Moving To Open-Source Software

OEMs demand open-source support for their SoCs; licensing is relatively easy for software but not for hardware.


By Ann Steffora Mutschler
With the typical cost of software accounting for 40% to 60% of an SoC, semiconductor OEMs are under more pressure than ever to meet margins. As a result, they are drawing on their ecosystem partners to provide a more complete foundation including hardware, software, FPGA prototypes, verification IP and virtual models, as well as an increasing demand for open source software support for their SoCs.

To be sure, software acquired through an open source model can allow faster time to market by leveraging publicly available technology. But the biggest limitation is lack of support, unless the software comes from a commercial provider.

How does this play outside in the hardware world? “Software is something you can change relatively easily, whereas hardware IP, once it’s in silicon you’re stuck with it,” said Simon Davidmann, president and CEO of Imperas and founding director of Open Virtual Platforms (OVP). “Another big difference between hardware and software is that there are very few people designing hardware compared to people writing software. If there are 100,000 apps for an iPhone then there must be 300,000 or 400,000 people trying to write them. In the hardware world, there are only about 100,000 hardware engineers globally, and yet there are many times that just developing software for the iPhone.”

Clearly, then, the software scale is completely different from the hardware scale, and this has an important effect on open-source ideas.

“With the GNU tools they can apply to tens of thousands of people easily, but in the EDA world that’s not really the case,” said Davidmann. “The closer you get to the hardware, the less appropriate an open source community is. Open source is good from a, ‘Let’s have a compiler that you can use for free,’ but no user fiddles with the open source bits of GCC (GNU Compiler Collection) or GDB (GNU Project Debugger) that doesn’t fiddle with Linux. It’s very useful for the hardware guy to make use of, but then they tend to have to pay people to do it.”

Where it works best
One of the biggest challenges companies face in implementing a design is in the verification phase, which is why it consumes the largest chunk of the non-recurring engineering expenses in any design. Prasad Subramaniam, vice president of eSilicon’s design technology, said this is exactly where open source can help.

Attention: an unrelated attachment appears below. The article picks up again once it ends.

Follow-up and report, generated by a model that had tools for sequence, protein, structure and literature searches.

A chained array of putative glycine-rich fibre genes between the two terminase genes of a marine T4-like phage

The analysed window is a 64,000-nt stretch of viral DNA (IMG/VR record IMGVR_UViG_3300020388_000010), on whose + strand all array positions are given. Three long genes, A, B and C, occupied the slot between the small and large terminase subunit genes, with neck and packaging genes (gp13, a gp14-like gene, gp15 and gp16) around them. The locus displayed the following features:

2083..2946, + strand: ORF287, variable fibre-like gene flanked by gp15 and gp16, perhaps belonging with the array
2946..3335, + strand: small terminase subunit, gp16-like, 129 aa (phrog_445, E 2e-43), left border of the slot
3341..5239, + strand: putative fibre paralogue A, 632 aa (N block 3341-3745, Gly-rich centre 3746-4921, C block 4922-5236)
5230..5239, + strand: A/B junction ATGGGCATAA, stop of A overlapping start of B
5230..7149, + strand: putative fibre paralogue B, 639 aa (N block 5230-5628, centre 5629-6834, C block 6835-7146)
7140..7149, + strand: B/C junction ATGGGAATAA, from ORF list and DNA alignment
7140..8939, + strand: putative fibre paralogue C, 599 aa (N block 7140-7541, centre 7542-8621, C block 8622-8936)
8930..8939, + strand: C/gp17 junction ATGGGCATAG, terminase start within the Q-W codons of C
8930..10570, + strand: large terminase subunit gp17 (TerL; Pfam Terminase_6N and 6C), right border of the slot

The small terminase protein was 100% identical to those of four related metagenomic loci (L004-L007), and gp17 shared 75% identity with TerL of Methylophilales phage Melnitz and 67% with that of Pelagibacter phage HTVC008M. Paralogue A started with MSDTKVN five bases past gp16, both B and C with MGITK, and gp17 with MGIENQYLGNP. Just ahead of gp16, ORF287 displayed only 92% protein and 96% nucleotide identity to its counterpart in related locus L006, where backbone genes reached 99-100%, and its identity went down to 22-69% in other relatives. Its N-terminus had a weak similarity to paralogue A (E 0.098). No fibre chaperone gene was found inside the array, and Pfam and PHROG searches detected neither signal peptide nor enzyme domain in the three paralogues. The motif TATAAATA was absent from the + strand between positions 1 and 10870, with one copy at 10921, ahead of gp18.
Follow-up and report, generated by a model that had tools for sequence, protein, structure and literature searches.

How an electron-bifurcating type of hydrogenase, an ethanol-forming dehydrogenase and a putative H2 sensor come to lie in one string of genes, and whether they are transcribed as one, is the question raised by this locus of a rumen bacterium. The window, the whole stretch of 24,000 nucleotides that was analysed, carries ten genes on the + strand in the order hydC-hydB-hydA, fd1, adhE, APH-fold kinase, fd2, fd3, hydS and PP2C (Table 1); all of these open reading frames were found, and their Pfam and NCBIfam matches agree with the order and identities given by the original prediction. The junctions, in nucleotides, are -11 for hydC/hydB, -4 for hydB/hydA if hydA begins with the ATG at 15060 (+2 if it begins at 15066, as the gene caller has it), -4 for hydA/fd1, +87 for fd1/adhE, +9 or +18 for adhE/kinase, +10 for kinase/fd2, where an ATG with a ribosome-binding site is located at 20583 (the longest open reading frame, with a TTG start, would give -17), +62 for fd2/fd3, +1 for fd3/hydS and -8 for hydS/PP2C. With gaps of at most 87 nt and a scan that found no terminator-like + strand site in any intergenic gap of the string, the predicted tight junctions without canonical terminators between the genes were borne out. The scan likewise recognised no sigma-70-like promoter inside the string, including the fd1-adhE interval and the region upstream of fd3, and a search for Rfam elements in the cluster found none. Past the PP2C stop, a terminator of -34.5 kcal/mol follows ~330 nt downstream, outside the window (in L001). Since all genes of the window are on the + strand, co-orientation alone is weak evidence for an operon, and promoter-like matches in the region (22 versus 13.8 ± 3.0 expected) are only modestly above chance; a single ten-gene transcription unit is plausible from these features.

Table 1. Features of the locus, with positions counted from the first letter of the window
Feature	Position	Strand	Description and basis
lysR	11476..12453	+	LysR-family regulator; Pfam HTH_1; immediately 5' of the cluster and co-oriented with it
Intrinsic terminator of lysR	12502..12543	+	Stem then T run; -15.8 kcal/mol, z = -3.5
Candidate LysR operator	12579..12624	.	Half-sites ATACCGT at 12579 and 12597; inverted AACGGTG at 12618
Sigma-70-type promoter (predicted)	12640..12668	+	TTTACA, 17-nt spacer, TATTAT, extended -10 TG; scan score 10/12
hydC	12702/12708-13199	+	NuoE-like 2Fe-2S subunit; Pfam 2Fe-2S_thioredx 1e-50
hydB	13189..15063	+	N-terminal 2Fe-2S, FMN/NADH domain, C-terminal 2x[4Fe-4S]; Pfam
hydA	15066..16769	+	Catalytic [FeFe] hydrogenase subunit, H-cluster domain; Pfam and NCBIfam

First, open source software could be of help in the actual verification of the IP that is being stitched together as part of the SoC, especially for IP that is standards-based like a USB interface or a PCI Express interfac. “Because it is in the public domain, you can develop verification IP in an open source manner. That’s one of the advantages. People who do verification today license this kind of IP from various IP providers, and it will be significantly helpful for them if such verification IP is available in the open-source model as it will make it easier to access, allow them to do what-if analysis, experiments and so on before they go on and purchase something that is industrial class,” Subramaniam said.

Second, open source software support can be helpful in system-level verification. “Once you have designed your SoC, you want to try and run system-level testbenches, for example. If you build an ARM-based subsystem, you want to try and emulate it in an FPGA type of environment. You can get a board that contains an ARM chip with an FPGA and you can implement your logic, and this has an interface to your PC and you can control the software from your PC but the actual software will be running on the ARM test board and the FPGA,” Subramaniam said.

Similarly, John Koeter, vice president of marketing for Synopsys’ IP and Systems Division, said the use of virtual prototyping at the system level has allowed a fair share of the top 10 global semiconductor companies to pull the time to ramp into production by as much as six months earlier than with older approaches.

“Today many companies still use what I call a waterfall model where they develop the hardware, they get to the golden RTL or even the chip and then that’s when they’ll start developing the software on the physical prototype itself or maybe on an FPGA-based prototype of the chip,” he said. “That process is done in a serial or waterfall manner, and obviously that pushes out the entire development schedule significantly. We are really working with the semiconductor companies to pull in the start of the software design much earlier using virtual prototyping. In a fast moving market, ramping to silicon six months or even three months your competition easily yields 10% to 15% revenue through additional early wins.”

Models Are Key